Only days ago, I awoke on an abandoned battlefield with no memory of anything before that moment. The only clue to my identity was the tattoo on the back of my hand of a snake
Only days ago, I awoke on an abandoned battlefield with no memory of anything before that moment. The only clue to my identity was the tattoo on the back of my hand of a snake wrapped around a sword surrounded by a ring of fire. Because of it, some have tried to help me, others have tried to kill me, but none have told me what it means.
You can read what’s gone before Here, and the ongoing tale below.
“So, here we are again.” I gazed across the dead men at Halvan, who held an arrow aimed at me. “You decided not to kill me earlier today.”
He stepped fully into the large tent, letting the flap fall shut behind him. “Earlier you spared a life, now you’ve taken at least three.”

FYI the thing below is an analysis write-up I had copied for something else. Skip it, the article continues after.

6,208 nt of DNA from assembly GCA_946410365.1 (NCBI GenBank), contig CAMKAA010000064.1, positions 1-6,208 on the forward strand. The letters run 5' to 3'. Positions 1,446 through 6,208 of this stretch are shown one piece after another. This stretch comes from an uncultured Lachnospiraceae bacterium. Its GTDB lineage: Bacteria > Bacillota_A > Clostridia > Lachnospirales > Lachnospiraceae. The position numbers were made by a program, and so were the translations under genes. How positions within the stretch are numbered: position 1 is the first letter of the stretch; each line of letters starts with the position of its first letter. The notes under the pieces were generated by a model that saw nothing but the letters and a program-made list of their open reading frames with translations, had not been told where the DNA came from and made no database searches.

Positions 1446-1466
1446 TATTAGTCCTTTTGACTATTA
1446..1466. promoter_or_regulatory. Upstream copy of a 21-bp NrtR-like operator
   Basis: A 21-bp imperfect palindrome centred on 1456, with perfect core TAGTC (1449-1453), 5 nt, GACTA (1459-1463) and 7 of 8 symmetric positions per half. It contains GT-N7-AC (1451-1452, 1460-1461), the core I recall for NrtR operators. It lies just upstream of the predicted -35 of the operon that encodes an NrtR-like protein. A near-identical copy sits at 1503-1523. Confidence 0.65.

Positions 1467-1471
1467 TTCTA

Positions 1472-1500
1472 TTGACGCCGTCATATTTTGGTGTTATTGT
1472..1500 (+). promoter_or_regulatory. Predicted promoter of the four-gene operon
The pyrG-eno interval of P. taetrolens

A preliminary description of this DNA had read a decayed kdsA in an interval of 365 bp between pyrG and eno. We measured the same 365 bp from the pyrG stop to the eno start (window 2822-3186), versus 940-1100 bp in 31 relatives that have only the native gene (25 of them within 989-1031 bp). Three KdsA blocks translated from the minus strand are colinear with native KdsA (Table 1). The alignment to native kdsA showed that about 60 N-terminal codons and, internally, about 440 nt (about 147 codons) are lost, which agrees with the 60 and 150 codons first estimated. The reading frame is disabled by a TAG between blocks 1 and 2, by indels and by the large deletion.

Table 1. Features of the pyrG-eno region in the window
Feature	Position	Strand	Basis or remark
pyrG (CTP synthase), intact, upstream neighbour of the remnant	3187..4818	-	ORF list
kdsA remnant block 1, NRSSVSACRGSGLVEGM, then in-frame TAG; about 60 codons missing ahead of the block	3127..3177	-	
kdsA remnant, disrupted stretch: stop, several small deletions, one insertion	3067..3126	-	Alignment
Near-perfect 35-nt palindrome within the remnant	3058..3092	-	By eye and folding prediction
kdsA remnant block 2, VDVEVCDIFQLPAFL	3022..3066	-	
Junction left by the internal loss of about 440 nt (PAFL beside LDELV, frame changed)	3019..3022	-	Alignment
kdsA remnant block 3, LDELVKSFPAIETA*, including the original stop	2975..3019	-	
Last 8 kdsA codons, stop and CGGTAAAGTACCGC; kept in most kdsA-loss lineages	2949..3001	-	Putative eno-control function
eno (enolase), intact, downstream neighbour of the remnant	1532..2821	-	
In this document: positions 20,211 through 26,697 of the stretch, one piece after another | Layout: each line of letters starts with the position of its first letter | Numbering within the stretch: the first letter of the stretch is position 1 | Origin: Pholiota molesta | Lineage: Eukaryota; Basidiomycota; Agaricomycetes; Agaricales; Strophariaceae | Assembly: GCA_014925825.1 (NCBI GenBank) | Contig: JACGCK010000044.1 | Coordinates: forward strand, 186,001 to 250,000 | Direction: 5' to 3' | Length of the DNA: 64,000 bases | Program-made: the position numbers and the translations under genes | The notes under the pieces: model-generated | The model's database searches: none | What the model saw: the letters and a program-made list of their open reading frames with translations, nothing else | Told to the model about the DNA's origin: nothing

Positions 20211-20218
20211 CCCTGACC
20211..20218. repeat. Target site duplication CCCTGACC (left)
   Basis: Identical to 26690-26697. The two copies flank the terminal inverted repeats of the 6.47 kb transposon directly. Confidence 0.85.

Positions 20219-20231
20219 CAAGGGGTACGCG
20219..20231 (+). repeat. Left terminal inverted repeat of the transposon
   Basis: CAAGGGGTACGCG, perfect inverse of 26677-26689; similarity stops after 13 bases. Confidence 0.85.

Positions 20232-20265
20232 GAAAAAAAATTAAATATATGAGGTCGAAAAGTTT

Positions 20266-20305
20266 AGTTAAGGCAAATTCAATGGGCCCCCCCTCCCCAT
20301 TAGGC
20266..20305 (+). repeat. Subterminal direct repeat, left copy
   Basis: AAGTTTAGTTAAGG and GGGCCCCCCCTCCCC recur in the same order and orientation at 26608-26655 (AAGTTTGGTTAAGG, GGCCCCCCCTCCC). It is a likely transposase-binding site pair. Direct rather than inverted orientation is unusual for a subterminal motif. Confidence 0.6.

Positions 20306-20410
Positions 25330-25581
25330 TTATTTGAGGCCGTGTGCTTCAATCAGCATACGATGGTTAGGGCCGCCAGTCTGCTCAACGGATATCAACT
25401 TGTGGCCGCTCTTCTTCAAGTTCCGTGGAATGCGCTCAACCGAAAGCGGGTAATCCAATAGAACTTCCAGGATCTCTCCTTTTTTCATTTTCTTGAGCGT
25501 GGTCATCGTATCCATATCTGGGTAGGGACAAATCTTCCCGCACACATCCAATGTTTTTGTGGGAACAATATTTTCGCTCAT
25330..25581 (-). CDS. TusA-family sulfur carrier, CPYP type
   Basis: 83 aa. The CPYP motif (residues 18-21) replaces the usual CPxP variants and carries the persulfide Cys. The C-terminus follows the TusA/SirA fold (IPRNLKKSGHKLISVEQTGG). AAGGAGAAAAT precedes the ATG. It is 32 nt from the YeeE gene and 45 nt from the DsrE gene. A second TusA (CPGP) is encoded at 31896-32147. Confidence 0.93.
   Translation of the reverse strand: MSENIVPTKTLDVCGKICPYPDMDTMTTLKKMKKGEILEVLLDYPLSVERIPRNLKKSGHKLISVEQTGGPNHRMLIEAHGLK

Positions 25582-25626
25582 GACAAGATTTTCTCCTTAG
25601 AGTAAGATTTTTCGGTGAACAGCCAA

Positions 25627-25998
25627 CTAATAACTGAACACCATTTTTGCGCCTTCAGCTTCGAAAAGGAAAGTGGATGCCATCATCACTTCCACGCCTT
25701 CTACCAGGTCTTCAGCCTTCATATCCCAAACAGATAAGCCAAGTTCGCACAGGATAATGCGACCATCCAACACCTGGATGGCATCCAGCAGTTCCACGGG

“But, I also know what kind of man Lord Jannus was, so I’ll hear you out if you have some defense for your actions.”
I considered the lie I’d told Nolveck. It hadn’t worked then, and I’d killed more men since, at least one in Halvan’s presence. I glanced at the dead girl, her expression one of relief despite her charred flesh. But then, Halvan wasn’t Nolveck. “There are some lines no man should cross, not even a prince.”
“So I have said, but that alone does not explain what happened. Therefore, speak plainly or answer for your crimes.”
“I slew Jannus for the torture and murder of that girl and who knows how many others. I killed Nolveck after he attacked me for that action, and I killed this man before he could do the same.” I raised my blade, the etched serpent still dripping blood. “And if you force me, I will slay you also.”
Halvan’s eyes narrowed. “Is it simple treason then? You spare enemies and murder friends.”
“Would you name a man—who butchers his own people for amusement—friend? If so, then I have misjudged you.”